Inner and outer adventures

November 2016

By Suma Varughese


Adventures. Meditation. Life

An anthology edited by

Ruskin Bond and Namita Gokhale

Speaking Tiger Publishing Pvt Ltd,

INR 599; 444 pages                       


This massive tome, or should we call it Himalayan enterprise, is expectedly fascinating for it brings under one roof significant excerpts from the world’s most renowned books and authors on the great Himalayas, unarguably the world’s highest and most sacred range of mountains. The Himalayas are of compelling interest to explorers and adventurers as well as to sages and seekers. The book, therefore, devotes a section to each. The third category called Life accommodates that which does not fit in the other two. Although I have not read  the book fully, the excerpts that I have, are enthralling.

The section called Adventures has excerpts from Heinrich Harrier, author of Seven Years in Tibet, Mark Twain, who spent some time in Darjeeling in 1896, Edmund Hillary (who conquered the Everest) and Tenzing Norgay.

Most of them grippingly narrate the harrowing difficulties of navigating the terrain and the many adventures they fall prey to. Heinrich Harrier’s account, titled The Worst Trek of All, leads in this genre, as it chronicles the travails he and his companion get into while attempting to travel illegally from India to Tibet. In addition to braving -30 temperatures while ill-shod and clad, they were also harrassed by wandering dacoits who preyed upon the nomads and pilgrims of the region. Edmund Hillary’s account of his historical climb is no less compelling. “My solar plexus was tight with fear as I ploughed on. Halfway up I stopped, exhausted. I could look down 10,000 feet between my legs and I have never felt more insecure,” he writes.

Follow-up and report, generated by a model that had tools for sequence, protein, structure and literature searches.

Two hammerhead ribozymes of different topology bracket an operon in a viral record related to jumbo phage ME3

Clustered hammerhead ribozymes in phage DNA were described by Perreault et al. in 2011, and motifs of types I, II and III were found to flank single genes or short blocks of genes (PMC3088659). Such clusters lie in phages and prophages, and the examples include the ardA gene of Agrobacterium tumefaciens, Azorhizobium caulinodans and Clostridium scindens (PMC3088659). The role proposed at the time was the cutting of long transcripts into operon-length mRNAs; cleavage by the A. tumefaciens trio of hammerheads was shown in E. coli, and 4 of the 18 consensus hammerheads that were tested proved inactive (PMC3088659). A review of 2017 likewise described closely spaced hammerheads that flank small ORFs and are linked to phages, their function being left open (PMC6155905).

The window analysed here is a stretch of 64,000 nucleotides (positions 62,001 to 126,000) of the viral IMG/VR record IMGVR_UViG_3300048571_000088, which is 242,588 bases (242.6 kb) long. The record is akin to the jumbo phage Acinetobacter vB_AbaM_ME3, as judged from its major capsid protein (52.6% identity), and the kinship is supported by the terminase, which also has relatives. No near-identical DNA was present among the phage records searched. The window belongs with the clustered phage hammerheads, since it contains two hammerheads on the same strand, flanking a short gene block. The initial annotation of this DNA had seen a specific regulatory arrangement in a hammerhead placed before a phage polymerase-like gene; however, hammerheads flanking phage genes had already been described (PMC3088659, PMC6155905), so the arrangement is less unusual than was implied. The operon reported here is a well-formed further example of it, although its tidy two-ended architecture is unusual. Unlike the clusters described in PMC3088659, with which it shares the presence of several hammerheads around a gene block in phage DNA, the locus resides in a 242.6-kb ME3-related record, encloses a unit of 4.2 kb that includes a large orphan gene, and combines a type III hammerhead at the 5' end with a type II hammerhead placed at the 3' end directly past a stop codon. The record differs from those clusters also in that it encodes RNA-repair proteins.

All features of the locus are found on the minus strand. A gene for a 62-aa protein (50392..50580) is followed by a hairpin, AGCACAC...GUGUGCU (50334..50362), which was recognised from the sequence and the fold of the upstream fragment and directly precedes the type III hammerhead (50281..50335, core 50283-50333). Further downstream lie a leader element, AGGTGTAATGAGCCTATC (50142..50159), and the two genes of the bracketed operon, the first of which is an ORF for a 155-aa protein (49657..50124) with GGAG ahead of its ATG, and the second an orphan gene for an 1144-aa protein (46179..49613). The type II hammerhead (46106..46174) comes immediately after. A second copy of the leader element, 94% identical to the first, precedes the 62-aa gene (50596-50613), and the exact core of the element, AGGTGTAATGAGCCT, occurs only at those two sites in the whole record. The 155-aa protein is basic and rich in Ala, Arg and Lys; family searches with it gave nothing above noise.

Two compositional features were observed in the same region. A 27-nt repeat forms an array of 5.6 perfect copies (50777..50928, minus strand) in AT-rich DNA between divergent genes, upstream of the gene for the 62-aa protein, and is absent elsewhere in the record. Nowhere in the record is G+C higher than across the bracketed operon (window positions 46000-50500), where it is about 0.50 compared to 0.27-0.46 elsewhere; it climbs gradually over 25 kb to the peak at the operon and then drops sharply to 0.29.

Narrative after narrative testifies to the tremendous courage and doughty grit of these Europeans as they meticulously study and make notes of the terrain, while pushing their bodies almost beyond human endurance. The section on Meditation also talks of gruelling exploits, save that here it is the inner terrain that seeks to be subdued just as much as the outer terrain is endured.

In Just a strand in Shiva’s hair, Arundhathi Subramaniam writes about her Kailash yatra under the guidance of Sadhguru Jaggi Vasudev.

“Each time it feels like agony to put the next foot forward, each time it feels like my lungs are going to burst, I focus on him…If he is my guru, he has to ensure I make it… And I find… I am able somehow to take the next step…”

Perhaps it is Swami Vivekananda that puts both the inner and outer experience of travelling in the Himalayas in balance. “Many times I have been in the jaws of death, starving, footsore, and weary… I would sink down under a tree and life would seem (to be) ebbing away… At last the mind reverted to the idea: “I have no fear nor death; I never hunger nor thirst. I am IT! I am IT! The whole of nature cannot crush me; …Assert thy strength, thou Lord of lords and God of gods!… Arise and walk and stop not! and I would rise up, reinvigorated, and here am I, living, today.”

The Himalayas challenge you just as much as they redeem you. This splendid book is worth reading and mulling over.


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